Gov't delays Hebron market evacuation

Disputed area changed hands 4 times since bought by Jews 200 years ago.

By DAN IZENBERG
December 15, 2005 21:02
1 minute read.
Gov't delays Hebron market evacuation

IDF patrol Hebron298AP. (photo credit: AP [file])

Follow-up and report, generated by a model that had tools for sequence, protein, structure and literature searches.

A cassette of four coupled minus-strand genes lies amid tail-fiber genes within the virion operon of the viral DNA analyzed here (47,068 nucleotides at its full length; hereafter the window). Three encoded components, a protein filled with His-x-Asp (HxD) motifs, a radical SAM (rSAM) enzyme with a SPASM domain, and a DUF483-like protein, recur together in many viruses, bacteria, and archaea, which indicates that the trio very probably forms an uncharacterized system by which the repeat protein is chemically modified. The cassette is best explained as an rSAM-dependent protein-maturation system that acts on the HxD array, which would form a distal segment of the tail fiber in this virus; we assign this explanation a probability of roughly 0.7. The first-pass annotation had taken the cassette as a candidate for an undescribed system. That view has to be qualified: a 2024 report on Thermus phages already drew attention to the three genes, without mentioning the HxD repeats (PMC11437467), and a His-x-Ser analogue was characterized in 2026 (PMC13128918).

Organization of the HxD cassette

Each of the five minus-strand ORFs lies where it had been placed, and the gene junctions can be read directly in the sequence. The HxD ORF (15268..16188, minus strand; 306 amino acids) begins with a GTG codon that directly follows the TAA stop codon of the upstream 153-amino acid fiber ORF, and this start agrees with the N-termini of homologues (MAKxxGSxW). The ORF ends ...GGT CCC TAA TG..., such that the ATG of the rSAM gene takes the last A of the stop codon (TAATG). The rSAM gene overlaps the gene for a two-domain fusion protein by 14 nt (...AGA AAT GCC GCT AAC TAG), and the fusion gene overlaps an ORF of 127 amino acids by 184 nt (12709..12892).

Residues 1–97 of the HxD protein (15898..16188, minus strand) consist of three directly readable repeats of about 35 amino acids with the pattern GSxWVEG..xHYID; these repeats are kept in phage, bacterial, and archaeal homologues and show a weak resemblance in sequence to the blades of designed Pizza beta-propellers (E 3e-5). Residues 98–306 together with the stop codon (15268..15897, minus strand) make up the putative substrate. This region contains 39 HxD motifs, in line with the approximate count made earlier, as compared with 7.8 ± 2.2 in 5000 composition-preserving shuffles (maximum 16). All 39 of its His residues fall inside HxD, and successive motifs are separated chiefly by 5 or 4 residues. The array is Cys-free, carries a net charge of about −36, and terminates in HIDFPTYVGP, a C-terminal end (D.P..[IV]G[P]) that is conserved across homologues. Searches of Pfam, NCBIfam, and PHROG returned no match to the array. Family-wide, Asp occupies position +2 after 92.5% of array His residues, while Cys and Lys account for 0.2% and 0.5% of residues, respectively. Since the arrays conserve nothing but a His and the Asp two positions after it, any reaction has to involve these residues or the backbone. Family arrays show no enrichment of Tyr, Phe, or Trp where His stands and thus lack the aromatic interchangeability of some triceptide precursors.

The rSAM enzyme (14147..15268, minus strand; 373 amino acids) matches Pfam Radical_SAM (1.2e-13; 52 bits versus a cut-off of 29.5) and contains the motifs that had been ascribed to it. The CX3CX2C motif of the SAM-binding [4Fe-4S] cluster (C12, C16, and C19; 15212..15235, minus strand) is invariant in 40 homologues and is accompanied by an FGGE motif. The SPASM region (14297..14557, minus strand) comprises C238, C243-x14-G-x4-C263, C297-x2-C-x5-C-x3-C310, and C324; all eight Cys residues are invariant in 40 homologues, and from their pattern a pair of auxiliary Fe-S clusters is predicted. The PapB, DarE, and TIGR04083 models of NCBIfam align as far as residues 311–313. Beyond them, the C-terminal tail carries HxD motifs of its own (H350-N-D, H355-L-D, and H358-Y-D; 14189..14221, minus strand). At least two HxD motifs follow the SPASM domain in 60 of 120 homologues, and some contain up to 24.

The state informed the High Court of Justice on Thursday it was delaying by two-and-a-half months the evacuation of Jewish settlers in Hebron from Palestinian stores they illegally seized four years. According to a previous notification, the state said it would evacuate the settlers by the end of December. According to Thursday's notification, the date has now been set for February 15, 2006. The state said that on October 10, it had informed the Committee of the Hebron Jewish Community that it would consider the committee's request to lease the stores, but only after the squatters had vacated them. In response to a more recent request by the committee, however, it had decided to consider the possibility of terminating the status of the municipality of Hebron as the protected tenant of the stores. It told the court that if it decided to do so, it would consider leasing the stores to Jewish settlers, but not the ones who had illegally moved into the stores in 2001. The stores once served as the Hebron wholesale market and are located between the Avraham Avinu complex and the main street of Hebron, which links the Jewish residents of Avraham Avinu to other Jewish enclaves at Beit Hadassah and Beit Romano. Jewish residents of Hebron purchased the market area 200 years ago and occupied it until they fled the city during the 1929 riots. After the War of Independence, the Jordanian Custodian of Abandoned Properties took control of the buildings, which in the meantime had become a busy wholesale market. The Israeli Custodian took control of the property in June 1967 and has been responsible for it ever since. In 1994, after the massacre perpetrated by Baruch Goldstein in the mosque of the Machpela Cave, the army expelled the Palestinian merchants from the market. The area remained empty until 2001. Shortly after the killing of Shalhevet Pass by a Palestinian sniper in March 2001, Jewish settlers moved into the empty stores and turned them into homes. On June 27, 2001, the Municipality of Hebron and 16 storekeepers petitioned the High Court of Justice to oust the squatters and allow them to return to their stores.


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